Also, this has nothing to do with Kinect. This tracker uses a 2D camera to track 2D image patches, while learning their shape. The Kinect is a 3D sensor which is used for tracking *articulated* models, such as people.

Re:State of the art? Yes. Breakthrough? No. (0)

alexborges (313924) | more than 3 years ago | (#35820488)

"The Kinect is a 3D sensor which is used for tracking *articulated* models, such as people."

Big words for a fucking distance sensor.

Re:State of the art? Yes. Breakthrough? No. (2)

countertrolling (1585477) | more than 3 years ago | (#35820702)

It's a breakthrough in the price of AI..

yeah (1)

sentientbeing (688713) | more than 3 years ago | (#35820478)

Yeah thats how it starts off. First you're like "ooh ahh look at the cute little robot isn't he pretty walking around by himself" then later theres running and screaming and then its all like "Newsflash :Bombing in Midtown, USA - Cyborg liberation front demands equal rights for robots".

Re:yeah (1)

hellkyng (1920978) | more than 3 years ago | (#35820642)

No kidding and then the debate really heats up:

1. Robots want to be able to marry > Marriage is between a fleshing and a fleshing (cyborgs or flesh covered robots allowed too in Massachusetts)
2. FemBots want to be able to choose to have an EMP burst > EMPs are nuclear based malicious malfunctions!
3. Robots want to "open-source" themselves, no debate ensues but its only legal in the outskirts around Las Vegas.

Won't someone think of the child-bots?

Re:yeah (0)

Anonymous Coward | more than 3 years ago | (#35821240)

The climate's easy on my switches and my stable's full of bitches.

I got hoes on Las Vegas Boulevard and my software is always hard.

Re:yeah (1)

Conspiracy_Of_Doves (236787) | more than 3 years ago | (#35821262)

I think this [imgur.com] might be relevant.

And then, eventually we will need this [imgur.com]

with a name like that, (0)

Anonymous Coward | more than 3 years ago | (#35820480)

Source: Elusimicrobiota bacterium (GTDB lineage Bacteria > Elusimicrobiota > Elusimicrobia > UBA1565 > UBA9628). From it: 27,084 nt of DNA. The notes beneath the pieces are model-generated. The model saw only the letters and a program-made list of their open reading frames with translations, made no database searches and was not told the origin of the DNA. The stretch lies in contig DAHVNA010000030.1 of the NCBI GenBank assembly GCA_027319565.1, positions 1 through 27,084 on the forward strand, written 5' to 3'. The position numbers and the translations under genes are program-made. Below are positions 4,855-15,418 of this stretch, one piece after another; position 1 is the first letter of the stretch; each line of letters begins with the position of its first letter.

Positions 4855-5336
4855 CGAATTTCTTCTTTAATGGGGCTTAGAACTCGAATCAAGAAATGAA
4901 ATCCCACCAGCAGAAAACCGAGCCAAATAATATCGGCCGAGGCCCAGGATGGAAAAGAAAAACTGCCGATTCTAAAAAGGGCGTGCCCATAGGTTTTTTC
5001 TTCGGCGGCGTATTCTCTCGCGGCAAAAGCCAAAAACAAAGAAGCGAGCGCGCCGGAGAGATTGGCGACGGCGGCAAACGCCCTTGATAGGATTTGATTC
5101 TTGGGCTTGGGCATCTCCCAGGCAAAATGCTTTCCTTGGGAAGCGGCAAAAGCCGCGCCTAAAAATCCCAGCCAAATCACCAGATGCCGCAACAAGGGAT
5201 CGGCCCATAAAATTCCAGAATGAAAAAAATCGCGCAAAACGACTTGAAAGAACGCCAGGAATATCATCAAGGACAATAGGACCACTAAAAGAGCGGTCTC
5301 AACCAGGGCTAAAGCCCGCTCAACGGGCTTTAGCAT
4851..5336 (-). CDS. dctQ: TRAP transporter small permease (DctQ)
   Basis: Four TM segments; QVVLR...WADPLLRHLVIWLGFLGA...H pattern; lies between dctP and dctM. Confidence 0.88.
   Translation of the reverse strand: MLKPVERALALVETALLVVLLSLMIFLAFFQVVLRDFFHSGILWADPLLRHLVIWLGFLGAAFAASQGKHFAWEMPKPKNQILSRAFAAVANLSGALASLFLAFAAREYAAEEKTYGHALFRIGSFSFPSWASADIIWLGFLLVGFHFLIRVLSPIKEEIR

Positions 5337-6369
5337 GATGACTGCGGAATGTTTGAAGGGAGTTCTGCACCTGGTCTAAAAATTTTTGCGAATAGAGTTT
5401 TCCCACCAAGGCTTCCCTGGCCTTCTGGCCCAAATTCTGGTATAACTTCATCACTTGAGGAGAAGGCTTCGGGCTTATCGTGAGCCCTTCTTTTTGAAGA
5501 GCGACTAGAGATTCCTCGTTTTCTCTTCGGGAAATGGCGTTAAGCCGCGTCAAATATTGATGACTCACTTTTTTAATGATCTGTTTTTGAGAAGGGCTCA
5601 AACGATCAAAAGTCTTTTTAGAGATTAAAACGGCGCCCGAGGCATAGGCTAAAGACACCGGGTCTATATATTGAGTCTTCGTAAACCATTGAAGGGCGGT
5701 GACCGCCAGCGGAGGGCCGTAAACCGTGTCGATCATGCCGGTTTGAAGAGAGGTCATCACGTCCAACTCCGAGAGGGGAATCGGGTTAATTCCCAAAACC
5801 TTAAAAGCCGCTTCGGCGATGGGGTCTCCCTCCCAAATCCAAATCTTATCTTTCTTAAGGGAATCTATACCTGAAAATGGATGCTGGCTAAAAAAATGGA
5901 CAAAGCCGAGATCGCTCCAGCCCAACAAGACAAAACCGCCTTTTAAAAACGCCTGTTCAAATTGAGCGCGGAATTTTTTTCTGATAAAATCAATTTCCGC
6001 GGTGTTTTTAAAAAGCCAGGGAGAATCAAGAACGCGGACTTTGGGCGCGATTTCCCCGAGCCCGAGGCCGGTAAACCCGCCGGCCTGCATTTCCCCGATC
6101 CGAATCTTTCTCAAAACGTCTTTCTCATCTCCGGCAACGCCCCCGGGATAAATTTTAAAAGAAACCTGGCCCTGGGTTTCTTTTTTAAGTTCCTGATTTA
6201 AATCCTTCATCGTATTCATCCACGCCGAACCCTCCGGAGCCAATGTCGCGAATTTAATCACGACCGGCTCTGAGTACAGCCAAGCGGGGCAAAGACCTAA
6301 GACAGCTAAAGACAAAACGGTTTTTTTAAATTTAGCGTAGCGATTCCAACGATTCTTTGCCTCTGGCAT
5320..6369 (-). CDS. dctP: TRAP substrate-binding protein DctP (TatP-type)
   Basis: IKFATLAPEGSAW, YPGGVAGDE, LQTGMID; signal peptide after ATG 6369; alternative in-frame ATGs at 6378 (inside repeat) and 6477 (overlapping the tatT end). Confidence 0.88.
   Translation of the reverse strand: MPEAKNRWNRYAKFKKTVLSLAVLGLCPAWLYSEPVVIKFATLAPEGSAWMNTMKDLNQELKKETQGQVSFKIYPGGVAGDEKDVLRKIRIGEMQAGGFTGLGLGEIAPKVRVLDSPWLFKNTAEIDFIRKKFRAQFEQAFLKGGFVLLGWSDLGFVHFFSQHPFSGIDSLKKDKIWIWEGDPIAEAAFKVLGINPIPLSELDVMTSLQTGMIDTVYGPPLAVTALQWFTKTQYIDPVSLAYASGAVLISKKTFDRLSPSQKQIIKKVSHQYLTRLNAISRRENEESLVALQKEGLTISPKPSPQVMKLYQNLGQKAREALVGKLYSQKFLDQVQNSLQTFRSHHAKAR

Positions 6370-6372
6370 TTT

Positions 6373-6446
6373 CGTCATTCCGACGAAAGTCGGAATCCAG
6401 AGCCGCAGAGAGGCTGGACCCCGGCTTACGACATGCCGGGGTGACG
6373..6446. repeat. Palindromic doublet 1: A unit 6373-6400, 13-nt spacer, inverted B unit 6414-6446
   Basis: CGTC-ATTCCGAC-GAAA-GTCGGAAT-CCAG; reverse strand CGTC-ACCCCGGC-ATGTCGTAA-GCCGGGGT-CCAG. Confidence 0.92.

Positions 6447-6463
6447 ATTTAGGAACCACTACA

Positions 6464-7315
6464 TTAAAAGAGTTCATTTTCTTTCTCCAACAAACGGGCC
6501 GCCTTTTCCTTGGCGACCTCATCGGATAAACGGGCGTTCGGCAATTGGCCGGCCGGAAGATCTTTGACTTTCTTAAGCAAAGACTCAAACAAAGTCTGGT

what could possibl

sky net is growing (0)

Anonymous Coward | more than 3 years ago | (#35820496)

sky net is growing

Very nice. (2)

Animats (122034) | more than 3 years ago | (#35820498)

Very nice.

There are other systems which do this, though. This looks like an improvement on the LK tracker in OpenCV.

This could be used to handle focus follow in video cameras. Many newer video cameras recognize faces as focus targets, but don't stay locked onto the same face. A better lock-on mechanism would help.

Neat (1)

symes (835608) | more than 3 years ago | (#35820534)

That was a very nice demonstration and well done to Zdenek Kalal. That said, there's a bunch of trackers out there and what I find is that none of them do well in a noisey environment where there's a bunch of similar items. Security cameras have to work in the rain, snow, fog, low light conditions. So Zdenek, if you are listening, how real-word can you go with this?

Re:Neat (1)

Amouth (879122) | more than 3 years ago | (#35820726)

towards the end there is an example of it tracking a car on the freeway - i think that might fit the bill

Why still fooling with ONE camera? (2)

ackthpt (218170) | more than 3 years ago | (#35820584)

Shouldn't we be developing AI to use two? I mean, we have two eyes (most of us, condolences to those who do not, no disrespect intended) and we recognize objects, dept of field and rates of change within three dimensions, using them.